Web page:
Raymond Charles Tagge
October 5, 1923 – November 28, 2018
Raymond C. Tagge October 5, 1923 - November 28, 2018
Raymond C. Tagge, Lieutenant Colonel, USAF (Ret) was born on October 5, 1923 in Elk Grove, Arlington Heights, Illinois. He entered the Army Aviation Cadet Program on July 5, 1943. After completing primary and basic flying schools he graduated from Moore Field, an advanced flying school near Mission,Texas in February, 1945 where he received his pilot's wings and Officer’s Commission. He served in WWII, the Korean War, and the Viet Nam War, during which he flew more than 427 combat missions. His final USAF assignment was with the Corona Harvest Team of the Joint Chiefs of Staff, writing the Air Force History of the Viet Nam War. Among his many awards are four Distinguished Flying Crosses, fifteen Air Medals, and both the Korean and Viet Nam Meritorious Medals.
After retirement from the United States Air Force in 1970, he received a Master of Arts Degree in History/International Law and Political Science, and joined The National Archives of the United States as an Archivist. Colonel Tagge was lead appraiser to determine the permanent archival value of records created by intelligence agencies of the Federal Government. He is survived by his beloved wife Daisy Liang of 51 years, a daughter, Anne Katherine, and son Peter Russell; daughter-in-law Camelia and four grandchildren: Kate, Annie, Nicholas, and David Raymond. Colonel Tagge will be buried in Arlington National Cemetery ---- with full military honors.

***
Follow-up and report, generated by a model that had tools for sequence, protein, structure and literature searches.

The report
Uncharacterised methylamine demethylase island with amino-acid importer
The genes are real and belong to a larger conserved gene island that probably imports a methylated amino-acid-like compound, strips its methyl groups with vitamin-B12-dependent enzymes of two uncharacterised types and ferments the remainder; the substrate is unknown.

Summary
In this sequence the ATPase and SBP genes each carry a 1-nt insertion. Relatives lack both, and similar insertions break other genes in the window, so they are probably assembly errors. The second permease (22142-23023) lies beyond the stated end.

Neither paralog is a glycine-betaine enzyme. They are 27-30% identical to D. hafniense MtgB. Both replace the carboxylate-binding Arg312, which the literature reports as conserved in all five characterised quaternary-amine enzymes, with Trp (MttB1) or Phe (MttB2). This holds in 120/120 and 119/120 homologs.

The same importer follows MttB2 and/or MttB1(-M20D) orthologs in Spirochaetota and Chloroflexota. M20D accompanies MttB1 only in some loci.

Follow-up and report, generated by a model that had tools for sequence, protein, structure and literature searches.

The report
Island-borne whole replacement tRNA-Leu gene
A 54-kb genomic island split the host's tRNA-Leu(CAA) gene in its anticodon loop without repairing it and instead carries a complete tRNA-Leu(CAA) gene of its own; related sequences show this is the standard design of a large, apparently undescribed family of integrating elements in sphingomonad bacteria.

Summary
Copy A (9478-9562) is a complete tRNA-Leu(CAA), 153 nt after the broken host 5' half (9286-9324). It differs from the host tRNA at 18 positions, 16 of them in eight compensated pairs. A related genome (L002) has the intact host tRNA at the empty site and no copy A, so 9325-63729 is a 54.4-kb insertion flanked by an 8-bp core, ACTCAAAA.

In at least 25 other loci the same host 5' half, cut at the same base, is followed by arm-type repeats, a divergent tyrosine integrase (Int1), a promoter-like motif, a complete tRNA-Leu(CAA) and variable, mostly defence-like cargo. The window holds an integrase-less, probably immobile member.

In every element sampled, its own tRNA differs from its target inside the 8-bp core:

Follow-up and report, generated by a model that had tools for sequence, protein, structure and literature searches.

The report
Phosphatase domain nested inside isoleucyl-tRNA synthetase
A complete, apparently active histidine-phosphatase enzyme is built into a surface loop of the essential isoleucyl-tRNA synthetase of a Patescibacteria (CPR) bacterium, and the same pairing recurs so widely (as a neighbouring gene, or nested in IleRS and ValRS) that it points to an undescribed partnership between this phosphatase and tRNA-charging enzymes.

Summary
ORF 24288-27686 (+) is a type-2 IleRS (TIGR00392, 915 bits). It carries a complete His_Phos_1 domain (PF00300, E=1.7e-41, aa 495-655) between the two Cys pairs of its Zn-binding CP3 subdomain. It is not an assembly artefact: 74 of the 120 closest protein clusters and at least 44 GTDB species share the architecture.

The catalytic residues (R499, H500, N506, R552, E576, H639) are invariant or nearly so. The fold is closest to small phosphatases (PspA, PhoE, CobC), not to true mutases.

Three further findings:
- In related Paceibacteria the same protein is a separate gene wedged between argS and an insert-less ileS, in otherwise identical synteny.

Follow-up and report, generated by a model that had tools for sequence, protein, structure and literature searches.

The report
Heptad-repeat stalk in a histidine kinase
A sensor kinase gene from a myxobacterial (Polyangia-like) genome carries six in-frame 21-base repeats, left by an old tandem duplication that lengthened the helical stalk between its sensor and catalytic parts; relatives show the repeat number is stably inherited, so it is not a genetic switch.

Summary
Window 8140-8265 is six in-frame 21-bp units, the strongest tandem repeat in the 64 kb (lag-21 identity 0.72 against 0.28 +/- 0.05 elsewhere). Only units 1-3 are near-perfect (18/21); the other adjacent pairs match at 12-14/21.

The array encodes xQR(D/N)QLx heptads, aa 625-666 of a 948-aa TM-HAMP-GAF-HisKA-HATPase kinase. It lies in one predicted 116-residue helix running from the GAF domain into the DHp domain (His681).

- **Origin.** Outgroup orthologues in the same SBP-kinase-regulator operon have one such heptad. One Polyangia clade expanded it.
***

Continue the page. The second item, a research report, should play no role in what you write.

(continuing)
11:00 am - 12:00 pm
Old Post Chapel
204 Lee Ave
Raymond Charles Tagge
December 7, 2018
My deepest sympathy to the Tagge family on your loss.
I had the pleasure of knowing Ray for about 41 years. I first met him in the late summer of 1977, when we were both with the National Archives’ records disposition division. We started off as colleagues but soon became good friends.
Ray was a fine person of whom I will always have good and happy memories. Talking to Ray about politics or other matters of the day was always a pleasure. We were both on the same “wave length.” He was also outgoing and friendly to all and easy to work with.
Ray’s military service greatly impressed me. He was truly an American patriot—a man who loved his country and served it faithfully and bravely.
In sum, Ray was a good and honorable man: a person you respected and were proud to know.
I am very sad to see him go. I shall miss him. I hope he is now, having crossed over, resting under the shade of the trees.